On the topic of government greed, Sinan al-Shabibi tells Prashant Rao (AFP), "Since 2009, they wanted to fire me, and they wanted money from the reserves. I think the main problem . . . is basically the reserves, because they thought we have a lot of reserves, and they want to use it for financing. The government wanted some money from the Central Bank. . . . Of course, the law does not allow that, the central bank law." Who is Sinan al-Shabibi? Dropping back to October 15th:
Al Mada reports today that Parliament sources say an arrest warrant exists for Sinan al-Shabibi, the Centeral Bank president, and that the people are seeing this as another effort by Nouri to take control of the independent institution. Alsumaria notes that al-Shabibi is currently in Tokyo at a conference and due to return to Baghdad later today. Dar Addustour offers a run down on what happened with the warrant itself It was issued by a judge who did not ask questions and when the news reached the Chief Justice Medhat al-Mahmoud, he ordered that the warrant be pulled. Iraqiya's spokesperson Maysoun al-Damalouji tells the outlet that it is necessary for the central bank to maintain its independence.
The next day, All Iraq News noted that Moqtada al-Sadr's bloc was accusing Nouri of targeting the Centeral Bank due to the independence of the institution.
Nouri and troubles are never far apart. Tuesday, his spokesperson announced that the food-ration-card system (a program by which Iraqis were able to get flour, sugar, and other staples) was being stopped. And that was supposed to be the end of that. It hasn't been the end of anything.
Alsumaria reports that today, during Friday prayers, the Grand Ayatollah Ali al-Sistani declared his objection to gutting the program. The statement noted that the government justifications for ending the program are neither logical nor acceptable and that those of faith in Iraq must object to the push to end the program due to the fact that it will increase the burden on the poor. Further, al-Sistani noted that the price of food cannot be left up to the merchants because each month of Ramadan has seen prices soar with the increased demand and the government has been powerless to do anything about it. To the insistence by Nouri supporters that the program must be gutted to fight corruption, al-Sistani responded that if the government has failed to prevent corruption, that is no reason to punish the citizens for its own failures. The statement ended with al-Sistani noting that his words were neither a political nor economic stand but instead an expression of the beliefs and hopes of the Iraqi people.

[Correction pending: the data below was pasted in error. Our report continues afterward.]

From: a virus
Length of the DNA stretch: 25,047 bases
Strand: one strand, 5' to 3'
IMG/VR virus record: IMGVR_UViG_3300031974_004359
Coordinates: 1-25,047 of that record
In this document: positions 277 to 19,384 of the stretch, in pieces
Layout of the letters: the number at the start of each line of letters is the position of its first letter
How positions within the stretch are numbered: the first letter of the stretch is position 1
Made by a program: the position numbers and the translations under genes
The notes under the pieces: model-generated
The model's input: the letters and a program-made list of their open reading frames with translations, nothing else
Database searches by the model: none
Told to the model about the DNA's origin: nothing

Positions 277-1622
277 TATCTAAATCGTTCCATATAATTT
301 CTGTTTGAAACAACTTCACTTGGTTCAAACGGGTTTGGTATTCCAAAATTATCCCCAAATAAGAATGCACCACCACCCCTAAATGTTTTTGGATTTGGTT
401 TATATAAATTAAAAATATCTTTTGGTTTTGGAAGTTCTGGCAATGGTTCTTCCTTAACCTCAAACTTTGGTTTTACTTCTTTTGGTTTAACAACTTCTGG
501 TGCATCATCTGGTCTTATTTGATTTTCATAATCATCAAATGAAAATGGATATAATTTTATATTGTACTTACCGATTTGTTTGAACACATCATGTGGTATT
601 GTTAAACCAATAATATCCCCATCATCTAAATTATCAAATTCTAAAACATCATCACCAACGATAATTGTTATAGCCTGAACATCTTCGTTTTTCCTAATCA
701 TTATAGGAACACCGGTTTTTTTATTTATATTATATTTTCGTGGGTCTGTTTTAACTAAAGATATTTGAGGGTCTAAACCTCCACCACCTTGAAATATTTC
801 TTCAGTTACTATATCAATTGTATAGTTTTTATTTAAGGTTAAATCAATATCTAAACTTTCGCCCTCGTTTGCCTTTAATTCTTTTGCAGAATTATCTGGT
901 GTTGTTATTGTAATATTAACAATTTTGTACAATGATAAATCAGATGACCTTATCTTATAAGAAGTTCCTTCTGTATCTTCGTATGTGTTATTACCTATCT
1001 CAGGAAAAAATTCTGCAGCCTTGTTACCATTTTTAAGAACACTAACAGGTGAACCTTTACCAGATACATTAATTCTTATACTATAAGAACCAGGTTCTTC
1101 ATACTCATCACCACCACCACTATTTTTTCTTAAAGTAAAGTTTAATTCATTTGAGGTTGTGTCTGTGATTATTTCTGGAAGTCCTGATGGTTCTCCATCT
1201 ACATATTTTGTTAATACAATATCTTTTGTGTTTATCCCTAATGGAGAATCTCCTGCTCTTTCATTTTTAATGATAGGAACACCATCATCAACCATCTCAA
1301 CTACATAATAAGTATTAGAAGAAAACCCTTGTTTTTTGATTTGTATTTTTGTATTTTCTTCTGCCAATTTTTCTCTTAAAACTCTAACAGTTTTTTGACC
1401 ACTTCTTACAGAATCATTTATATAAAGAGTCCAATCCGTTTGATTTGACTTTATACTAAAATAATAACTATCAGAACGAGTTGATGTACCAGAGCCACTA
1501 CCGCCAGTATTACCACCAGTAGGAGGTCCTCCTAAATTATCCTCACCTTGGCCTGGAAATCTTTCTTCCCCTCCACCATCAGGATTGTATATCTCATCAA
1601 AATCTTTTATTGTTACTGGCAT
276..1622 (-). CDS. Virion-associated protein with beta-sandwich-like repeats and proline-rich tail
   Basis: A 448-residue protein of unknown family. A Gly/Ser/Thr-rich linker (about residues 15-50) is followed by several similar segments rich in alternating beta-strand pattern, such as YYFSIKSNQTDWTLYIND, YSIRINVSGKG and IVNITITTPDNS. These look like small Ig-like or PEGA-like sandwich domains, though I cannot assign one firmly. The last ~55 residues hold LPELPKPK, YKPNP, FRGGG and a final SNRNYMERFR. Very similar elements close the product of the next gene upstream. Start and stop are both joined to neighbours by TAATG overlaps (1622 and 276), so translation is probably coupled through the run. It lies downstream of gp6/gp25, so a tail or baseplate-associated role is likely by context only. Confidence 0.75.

Grand Ayatollah Ali al-Sistani is a higher official that Nouri or most elected ones. That's in part because of his role as a spiritual leader and in part due to his biography. On the latter, he never fled Iraq. Under Saddam Hussein, he was persecuted. But he stayed in Iraq. The people know he will stay in Iraq. Unlike many of Nouri's now former Cabinet ministers, for example, he won't flee the country (those ministers often have accusations of theft attached to their names). Unlike many, he doesn't hold dual citizenship. He is an Iraqi who commands a great deal of respect in the country and that goes beyond Shi'ite and Sunni divisions.
It's not as if Nouri's not hoping for a third term as prime minister. Al Mada reports that Parliament's efforts to pass a law limiting the three presidencies (Speaker of Parliament, President of Iraq and Prime Minister) to two terms has resulted in State of Law (Nouri's political slate) insisting that, if such a law passes, they will appeal to the Federal Court. That's the court that has repeatedly and continually deferred to Nouri's wishes over and over, year after year, regardless of what the Iraqi constitution says. Nouri's attorney declared yesterday that, should such a law pass, it wouldn't be binding on Nouri.
Also Alsumaria notes two villages in Basra are being victimized by packs of stray dogs with six children and one man bitten in the last two days alone. The dogs have not been confirmed as having rabies at present (though that is a concern of the people in the two villages).